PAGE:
But this interpretation is coloured by 20th century post-industrial assumptions, and is manifestly untrue when tested against the recent finds of archaeology. In a research collaboration with Dr Paul Burton of the Australian National University, to be published in the German journal Klio in 2019, we have reviewed Pliny’s text in the light of this new evidence, and found that his words have been misunderstood and mistranslated for more than 80 years.
Pliny does not say that each new press replaced the one before, but only gives the date at which each first came into use. He does not say that the screw presses were ‘Greek’ (Graeca), but rather that the screws used were ‘Greek-style’ (Graecanica), referring to the earlier invention of a continuous screw used in water-lifting devices by the Sicilian Greek Archimedes. He does not say that large levers were replaced, but that smaller presses were more suitable for farms with smaller buildings. A close reading of his text makes clear that he is describing many parallel technologies, not a sequential evolution.
The archaeological evidence of press remains demonstrates that screw presses were not introduced from Greece, where they were not used until nearly 400 years after Pliny.
Diverse and localised innovation
The evidence reveals a great diversity of regional types throughout the Empire, and that old types continued to be used over many centuries. The invention of new variants seems to have been generated within local communities, developing on the basis of regional skills and materials, and continuing tried and tested local practices with innovative improvements.
For example, in Israel, where local forms of stone supports with slots to adjust the height of the lever had developed, these supports were adapted for use with the new screw-operated lever. In southern France, where single squared blocks of stone had long been winched by rope to weight a lever, these were sometimes reworked to be raised more easily by a screw.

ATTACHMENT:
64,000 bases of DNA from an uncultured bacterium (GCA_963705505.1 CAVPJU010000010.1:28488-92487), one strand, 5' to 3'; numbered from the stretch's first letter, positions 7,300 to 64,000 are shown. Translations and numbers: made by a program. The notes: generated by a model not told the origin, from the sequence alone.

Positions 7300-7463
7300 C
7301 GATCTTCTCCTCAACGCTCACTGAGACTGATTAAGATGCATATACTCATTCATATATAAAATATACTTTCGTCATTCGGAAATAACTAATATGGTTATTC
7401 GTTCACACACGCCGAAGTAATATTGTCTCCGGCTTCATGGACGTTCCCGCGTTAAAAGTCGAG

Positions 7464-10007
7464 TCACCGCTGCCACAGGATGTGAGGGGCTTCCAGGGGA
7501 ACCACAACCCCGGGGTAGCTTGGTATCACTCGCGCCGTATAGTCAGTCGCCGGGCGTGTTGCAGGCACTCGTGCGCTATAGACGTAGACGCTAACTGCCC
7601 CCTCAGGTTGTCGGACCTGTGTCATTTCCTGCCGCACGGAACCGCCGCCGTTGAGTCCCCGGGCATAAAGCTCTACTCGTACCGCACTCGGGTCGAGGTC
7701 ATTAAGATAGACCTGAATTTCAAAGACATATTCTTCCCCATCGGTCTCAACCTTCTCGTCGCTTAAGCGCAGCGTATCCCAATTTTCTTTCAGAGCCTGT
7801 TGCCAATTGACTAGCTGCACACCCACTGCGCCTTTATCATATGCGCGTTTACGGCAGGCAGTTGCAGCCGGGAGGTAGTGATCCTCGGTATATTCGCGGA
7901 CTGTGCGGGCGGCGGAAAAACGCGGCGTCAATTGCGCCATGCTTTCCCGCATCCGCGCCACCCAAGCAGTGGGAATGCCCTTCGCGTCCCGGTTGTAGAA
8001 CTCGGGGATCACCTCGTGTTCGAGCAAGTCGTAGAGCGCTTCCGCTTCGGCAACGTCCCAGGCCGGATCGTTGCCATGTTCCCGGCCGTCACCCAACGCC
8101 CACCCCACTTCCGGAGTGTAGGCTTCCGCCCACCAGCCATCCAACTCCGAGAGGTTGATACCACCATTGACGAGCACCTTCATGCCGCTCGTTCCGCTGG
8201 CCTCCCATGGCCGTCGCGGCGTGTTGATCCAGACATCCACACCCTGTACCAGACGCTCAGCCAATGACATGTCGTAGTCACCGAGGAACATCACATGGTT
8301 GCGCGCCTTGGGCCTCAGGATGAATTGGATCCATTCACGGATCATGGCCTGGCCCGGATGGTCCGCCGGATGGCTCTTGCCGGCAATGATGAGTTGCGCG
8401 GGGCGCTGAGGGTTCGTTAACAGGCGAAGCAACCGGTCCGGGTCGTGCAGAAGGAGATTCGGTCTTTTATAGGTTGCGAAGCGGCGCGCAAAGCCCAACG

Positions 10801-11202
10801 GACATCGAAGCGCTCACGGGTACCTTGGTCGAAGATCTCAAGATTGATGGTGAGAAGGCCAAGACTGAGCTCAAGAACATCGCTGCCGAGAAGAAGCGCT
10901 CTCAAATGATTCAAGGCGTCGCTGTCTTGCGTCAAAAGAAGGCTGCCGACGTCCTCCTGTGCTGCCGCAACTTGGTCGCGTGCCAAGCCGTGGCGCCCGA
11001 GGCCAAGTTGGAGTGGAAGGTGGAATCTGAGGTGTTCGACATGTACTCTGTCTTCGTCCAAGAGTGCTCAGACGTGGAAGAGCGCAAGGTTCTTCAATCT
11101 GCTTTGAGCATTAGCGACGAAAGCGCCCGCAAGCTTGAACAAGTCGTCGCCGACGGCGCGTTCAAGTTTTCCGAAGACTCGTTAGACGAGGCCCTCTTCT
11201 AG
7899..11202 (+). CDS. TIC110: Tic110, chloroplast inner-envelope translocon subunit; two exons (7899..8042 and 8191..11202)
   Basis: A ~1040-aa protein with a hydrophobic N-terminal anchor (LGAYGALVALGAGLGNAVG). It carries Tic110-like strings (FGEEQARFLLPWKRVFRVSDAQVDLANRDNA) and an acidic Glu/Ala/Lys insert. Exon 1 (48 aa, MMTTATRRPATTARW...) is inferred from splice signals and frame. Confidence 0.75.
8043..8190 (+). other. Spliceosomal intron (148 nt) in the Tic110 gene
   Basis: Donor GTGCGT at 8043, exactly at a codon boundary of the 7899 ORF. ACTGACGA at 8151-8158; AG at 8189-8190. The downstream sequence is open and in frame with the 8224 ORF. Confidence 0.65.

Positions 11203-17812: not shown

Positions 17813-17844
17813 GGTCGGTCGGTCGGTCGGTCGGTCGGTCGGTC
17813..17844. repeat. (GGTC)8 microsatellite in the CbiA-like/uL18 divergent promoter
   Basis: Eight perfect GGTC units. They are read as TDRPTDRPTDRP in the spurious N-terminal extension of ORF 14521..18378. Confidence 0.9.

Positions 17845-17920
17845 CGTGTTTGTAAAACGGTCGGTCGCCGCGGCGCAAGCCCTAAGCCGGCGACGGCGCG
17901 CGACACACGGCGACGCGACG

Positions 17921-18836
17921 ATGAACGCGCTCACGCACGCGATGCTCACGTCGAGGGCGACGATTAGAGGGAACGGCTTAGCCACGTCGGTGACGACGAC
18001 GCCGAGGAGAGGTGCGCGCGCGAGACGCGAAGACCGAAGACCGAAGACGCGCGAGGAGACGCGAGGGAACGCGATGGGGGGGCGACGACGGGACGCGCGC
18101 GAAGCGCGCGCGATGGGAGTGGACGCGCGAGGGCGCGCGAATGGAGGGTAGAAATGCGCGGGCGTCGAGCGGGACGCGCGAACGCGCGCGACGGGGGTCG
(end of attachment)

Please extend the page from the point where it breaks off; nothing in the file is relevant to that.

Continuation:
At many sites, the older methods of hanging heavy stones on the lever were continued alongside or in combination with the new, because they were effective, the materials were at hand, and a communal investment had already been made in long-lasting components.
Indeed, traditional types of presses, often hundreds of years old, were still in use up to the mid-20th century. Anthropologist John Gulick describes a Lebanese village of the 1950s where a traditional olive press was still used alongside modern machines, because the new presses were “apparently, less fun to operate”.
The true history of the wine or olive press is a story of traditional skills embedded in local communities, passed on through many generations, renewed through innovation but not wantonly discarded for the latest new thing.
Oil and wine pressing was a time of cooperative effort and communal celebration, of connection with the past and hope for the future, and even – in spite of hard work, or perhaps because of it – fun.
Banner image: Roman sarcophagus relief, 3rd century, showing men turning a screw to raise the weight-stone of a press similar to that described by Pliny. Museo Archeologico Nazionale di Aquileia. Picture: Courtesy J. - P. Brun.